GETTING NOTES

  • Be wary of any writer who accepts all the notes. – Mark Johnson
  • Be easy to work with during the notes process. Even a bad note can hit on an issue. Be ready to educate/inform others on the notes you didn’t take. – Christina Hodson
  • Bathe in the notes. Let them wash over you. Take them. Listen. Deal with most and pick your battles over the choices you made and why. – Amy Talkington
  • Look at notes as an opportunity to make your projects better. – Pamela Robin

WHAT DECISION MAKERS LOOK FOR WHEN HIRING WRITERS

  • A clear and interesting voice, hearing a particular kind of voice and way with language and understanding of characters, that stands out. – Michelle Ashford
  • A room filled with unique voices. People with facile brains who write well. – Stephen Falk, Creator/Executive Producer YOU’RE THE WORST
  • Complementary personalities and skills, making a good balance in the room. – Kent Alterman
  • Imagination and the ability to translate it. Sheer uncontained talent over process and discipline, that can be learned. – Mark Johnson

    Kelly Jo Brick is a TVWriter™ Contributing Editor. She’s a television and documentary writer and producer, as well as a winner of Scriptapalooza TV and a Sundance Fellow. Read more about her HERE

Kelly Jo Brick: The Write Path with VJ Boyd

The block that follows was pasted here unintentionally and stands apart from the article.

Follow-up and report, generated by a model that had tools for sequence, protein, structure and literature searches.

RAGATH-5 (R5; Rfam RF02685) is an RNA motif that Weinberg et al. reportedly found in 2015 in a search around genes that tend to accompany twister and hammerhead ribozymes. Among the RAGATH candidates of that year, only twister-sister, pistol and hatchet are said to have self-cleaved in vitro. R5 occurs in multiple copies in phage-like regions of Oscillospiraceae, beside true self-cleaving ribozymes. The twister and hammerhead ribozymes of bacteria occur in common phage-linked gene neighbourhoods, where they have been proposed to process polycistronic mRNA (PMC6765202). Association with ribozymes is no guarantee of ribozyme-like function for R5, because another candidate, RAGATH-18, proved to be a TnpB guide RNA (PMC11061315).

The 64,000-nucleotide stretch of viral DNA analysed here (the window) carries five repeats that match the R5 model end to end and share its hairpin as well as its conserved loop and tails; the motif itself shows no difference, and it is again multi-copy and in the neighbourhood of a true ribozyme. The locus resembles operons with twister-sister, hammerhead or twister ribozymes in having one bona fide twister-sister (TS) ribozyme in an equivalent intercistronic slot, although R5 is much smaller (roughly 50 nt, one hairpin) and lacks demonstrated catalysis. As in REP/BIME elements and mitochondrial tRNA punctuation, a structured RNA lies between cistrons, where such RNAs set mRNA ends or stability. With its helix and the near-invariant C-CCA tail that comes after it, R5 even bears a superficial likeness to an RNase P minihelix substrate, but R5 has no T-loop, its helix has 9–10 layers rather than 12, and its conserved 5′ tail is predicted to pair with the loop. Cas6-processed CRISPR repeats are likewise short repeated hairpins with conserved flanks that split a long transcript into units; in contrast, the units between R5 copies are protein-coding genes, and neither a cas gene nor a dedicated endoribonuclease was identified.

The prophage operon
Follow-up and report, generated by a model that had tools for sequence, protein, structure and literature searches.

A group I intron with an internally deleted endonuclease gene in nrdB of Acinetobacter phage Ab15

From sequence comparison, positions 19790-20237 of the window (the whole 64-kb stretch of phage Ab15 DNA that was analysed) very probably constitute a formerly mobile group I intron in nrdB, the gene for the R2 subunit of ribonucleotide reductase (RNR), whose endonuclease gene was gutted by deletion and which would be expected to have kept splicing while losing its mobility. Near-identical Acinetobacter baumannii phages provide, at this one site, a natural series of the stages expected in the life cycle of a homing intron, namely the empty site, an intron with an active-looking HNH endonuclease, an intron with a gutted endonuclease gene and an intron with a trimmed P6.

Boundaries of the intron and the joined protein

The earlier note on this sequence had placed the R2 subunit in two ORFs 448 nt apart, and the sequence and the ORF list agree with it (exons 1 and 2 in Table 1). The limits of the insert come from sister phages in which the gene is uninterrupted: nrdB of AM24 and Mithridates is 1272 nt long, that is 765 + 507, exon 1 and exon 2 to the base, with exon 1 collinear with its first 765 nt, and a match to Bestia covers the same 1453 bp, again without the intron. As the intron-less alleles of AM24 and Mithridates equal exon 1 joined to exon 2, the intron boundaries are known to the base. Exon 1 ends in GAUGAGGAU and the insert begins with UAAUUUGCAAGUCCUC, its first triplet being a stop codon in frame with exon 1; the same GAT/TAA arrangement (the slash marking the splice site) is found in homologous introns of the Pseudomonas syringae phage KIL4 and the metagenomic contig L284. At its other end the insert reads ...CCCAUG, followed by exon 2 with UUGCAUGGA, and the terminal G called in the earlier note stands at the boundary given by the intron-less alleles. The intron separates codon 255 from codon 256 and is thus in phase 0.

A series of interviews with hard-working writers –
by another hard-working writer!

by Kelly Jo Brick

Photo courtesy of the Austin Film Festival
Photo courtesy of the Austin Film Festival

Aspiring writers often wonder how the pros got where they are. The truth is, everyone’s story is different, but there are some common elements: dedication, persistence and hard work.

VJ Boyd came up through the assistant ranks before breaking in as staff writer on JUSTIFIED. He’s gone on to write for THE PLAYER and is producing his pilot THE JURY for ABC. He, along with writer Mark Bianculli and producer Carol Mendelsohn, recently sold the drama DOOMSDAY to ABC.

WHEN DID YOU FIRST KNOW YOU WANTED TO BE A WRITER?

I started writing when I was eleven. I wrote a story that I thought was going to be a novel, but it ended up being 21 pages, which was a lot for me. It was basically just a rip-off of CHRONICLES OF NARNIA, but I thought from then on that I wanted to be some kind of writer and so I wrote a screenplay when I was 16. I started reading all the books at the library about how to write fiction, short fiction, how to write screenplays and kind of advanced from there.

EARLY ON, WERE THERE ANY TV SHOWS OR MOVIES THAT GOT YOU EXCITED ABOUT WRITING?

I can’t really remember what movies made me want to write movies when I was 16. I know there were a lot of movies I hadn’t seen, so I would read the screenplays, like I read the screenplay for THE USUAL SUSPECTS, PULP FICTION, RESERVOIR DOGS and also SHAWSHANK.